I know I have trusted – I know I have the ability. In pockets of very open and honest conversation with friends and family, I have trusted completely. Cried at the strength of the connection. Conveyed that I fully intended to maintain the connection. But then later I run from the support, unable to return phone calls. The renewed fear of rejection.

I know this is my issue, and a result of my trauma. After 25-30 years, I understand FINALLY why I have these fears and difficulty trusting. It’s all the trauma and DID, and my “problem” is common. Some parts of me trust easily and want to maintain these relationships. Other parts of me are always cautious and on alert for future abuse and rejection.

A dear friend said to me, “Our friendship will not fail because of me. It will fail because you ran away from it.”

And I knew she was right. Because part of me trusted her completely, but other parts could not. I have not been able to establish complete trust. My husband says I can trust her, I know intellectually I can trust her. But why do I feel that hesitation? Have I sensed a lie? Was there one so long ago that I can’t let go of?

And with nine parts in your system, achieving COMPLETE trust requires lot of agreements to get!

So what is trust and why is it related to therapy?

I found a wonderful website that discusses research study results of patient’s concerns in DID treatment by Gudrun Frerichs, and entitled DID: Overview of Research Findings. Her blog is at

She finds that patients are mainly concerned with “connecting” – with three distinct stages – “Reaching out for therapy,” “Coming together,” and “Making human contact.” She identifies the issues and implications for both patients and therapists. These just resonate SO STRONGLY in me as MY PROBLEM! Right from the mouths of other individuals with DID!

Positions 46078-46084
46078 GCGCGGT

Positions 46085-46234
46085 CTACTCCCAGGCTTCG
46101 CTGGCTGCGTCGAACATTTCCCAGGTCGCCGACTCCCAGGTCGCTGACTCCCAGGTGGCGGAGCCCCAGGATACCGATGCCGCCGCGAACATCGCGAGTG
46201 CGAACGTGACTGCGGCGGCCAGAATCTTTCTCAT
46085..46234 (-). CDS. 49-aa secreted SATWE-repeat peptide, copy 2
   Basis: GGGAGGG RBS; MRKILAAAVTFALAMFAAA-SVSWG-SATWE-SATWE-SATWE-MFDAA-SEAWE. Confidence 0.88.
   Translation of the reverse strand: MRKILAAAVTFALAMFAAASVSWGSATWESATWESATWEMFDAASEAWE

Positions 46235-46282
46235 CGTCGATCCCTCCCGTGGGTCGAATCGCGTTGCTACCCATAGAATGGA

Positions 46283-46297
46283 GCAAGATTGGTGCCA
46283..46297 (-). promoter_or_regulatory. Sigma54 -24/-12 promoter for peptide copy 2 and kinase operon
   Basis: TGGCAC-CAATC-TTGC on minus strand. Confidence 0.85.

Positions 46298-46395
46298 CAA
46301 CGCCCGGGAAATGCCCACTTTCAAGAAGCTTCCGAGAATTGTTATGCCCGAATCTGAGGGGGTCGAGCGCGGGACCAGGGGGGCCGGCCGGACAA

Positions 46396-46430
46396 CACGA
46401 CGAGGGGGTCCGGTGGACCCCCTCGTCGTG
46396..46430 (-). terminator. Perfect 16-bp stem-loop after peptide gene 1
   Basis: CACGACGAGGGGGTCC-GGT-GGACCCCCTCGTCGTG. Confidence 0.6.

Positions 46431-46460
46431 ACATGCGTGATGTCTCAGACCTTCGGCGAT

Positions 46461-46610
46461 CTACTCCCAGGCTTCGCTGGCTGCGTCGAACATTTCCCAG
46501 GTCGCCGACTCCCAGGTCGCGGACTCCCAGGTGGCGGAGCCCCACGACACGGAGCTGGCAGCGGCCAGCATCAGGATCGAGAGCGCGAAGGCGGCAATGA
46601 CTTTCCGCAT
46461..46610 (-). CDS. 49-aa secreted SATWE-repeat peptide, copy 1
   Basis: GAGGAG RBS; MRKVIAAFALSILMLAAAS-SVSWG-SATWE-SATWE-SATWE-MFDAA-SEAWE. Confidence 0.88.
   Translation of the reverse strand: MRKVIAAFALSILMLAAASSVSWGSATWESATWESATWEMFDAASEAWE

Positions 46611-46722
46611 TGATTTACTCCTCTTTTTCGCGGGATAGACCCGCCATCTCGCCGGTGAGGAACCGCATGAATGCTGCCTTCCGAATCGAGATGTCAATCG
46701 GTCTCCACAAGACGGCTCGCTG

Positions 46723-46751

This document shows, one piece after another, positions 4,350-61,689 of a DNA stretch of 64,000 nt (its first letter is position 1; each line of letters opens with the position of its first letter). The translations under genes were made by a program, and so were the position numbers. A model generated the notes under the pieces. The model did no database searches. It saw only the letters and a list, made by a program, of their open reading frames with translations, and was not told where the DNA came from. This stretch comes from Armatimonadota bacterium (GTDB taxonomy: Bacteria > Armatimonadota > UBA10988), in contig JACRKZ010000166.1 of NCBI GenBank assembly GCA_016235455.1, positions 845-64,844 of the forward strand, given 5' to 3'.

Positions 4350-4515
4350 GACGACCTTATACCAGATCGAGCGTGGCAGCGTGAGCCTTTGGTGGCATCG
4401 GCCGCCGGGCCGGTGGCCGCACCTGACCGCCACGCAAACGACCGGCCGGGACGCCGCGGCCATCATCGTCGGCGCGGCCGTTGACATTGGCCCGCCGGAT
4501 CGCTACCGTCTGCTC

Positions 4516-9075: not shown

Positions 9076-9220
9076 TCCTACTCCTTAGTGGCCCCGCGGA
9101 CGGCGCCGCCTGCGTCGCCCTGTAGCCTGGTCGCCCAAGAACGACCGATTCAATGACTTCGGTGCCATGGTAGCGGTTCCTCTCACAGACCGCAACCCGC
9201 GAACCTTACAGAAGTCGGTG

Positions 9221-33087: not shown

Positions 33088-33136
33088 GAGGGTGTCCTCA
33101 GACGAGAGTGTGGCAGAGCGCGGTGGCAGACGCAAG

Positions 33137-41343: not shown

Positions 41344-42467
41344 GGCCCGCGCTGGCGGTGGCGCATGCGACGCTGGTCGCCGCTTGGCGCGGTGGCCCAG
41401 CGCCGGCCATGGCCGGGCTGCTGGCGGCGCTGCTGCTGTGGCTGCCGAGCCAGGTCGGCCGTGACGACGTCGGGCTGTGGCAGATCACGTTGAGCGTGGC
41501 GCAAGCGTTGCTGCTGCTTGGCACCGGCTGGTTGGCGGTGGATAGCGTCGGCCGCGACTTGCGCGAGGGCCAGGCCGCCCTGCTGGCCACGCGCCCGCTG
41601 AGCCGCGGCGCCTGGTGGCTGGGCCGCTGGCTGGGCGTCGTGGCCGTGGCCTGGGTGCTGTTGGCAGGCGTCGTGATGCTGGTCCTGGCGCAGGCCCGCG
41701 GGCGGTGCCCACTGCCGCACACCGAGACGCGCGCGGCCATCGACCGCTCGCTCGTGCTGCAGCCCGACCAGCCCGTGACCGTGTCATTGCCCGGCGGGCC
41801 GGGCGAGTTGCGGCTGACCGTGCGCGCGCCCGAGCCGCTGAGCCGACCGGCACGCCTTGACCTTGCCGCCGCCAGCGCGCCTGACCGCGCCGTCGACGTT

“CONNECTING is a process in which DID clients who have been disconnected from themselves, from people, and from the world, gradually re-established relationships with others. It occurs because they decided to reach out for therapy, to bring all the personality parts together, and finally to make contact with other people.

“Connecting reflects the essence of the solution DID clients seek to reverse their internal dividedness.

“Having survived childhood experiences of neglect, sexual, physical, and emotional abuse, DID clients face the formidable task of overcoming their ingrained automatic protective responses of withdrawal and avoidance in order to connect with their therapist, with themselves, and finally with others in the community.

“Psychotherapists face the formidable task of connecting with a highly suspicious, highly protected, and highly crisis prone client. They have to establish a therapeutic environment in which trust and safety can be developed.

“Investigating the three stages of Connecting, we notice that in each stage DID clients have to overcome isolation and separateness by developing trust. Yet, in each stage this central task had a different emphasis as discussed in the first part of this chapter under the three stages ‘Reaching out’, ‘Coming together’, and ‘Making contact’.” [Frerich]

Wow – here I am beating myself up over my inability to trust, and Frerichs found that this is a major issue in all phases of therapy for those with DID. Cool – again, I am NORMAL! (smile).

The Three States of Connecting:

Because Frerich’s site is SO COMPREHENSIVE, I may review it in a later post. For this post, I’d like to focus just on the trust issue I am struggling with. While trust is important throughout the process, initially establishing that trust, and then being able recover lost trust, are critical in the first stage. The three states expanded a bit here for reference: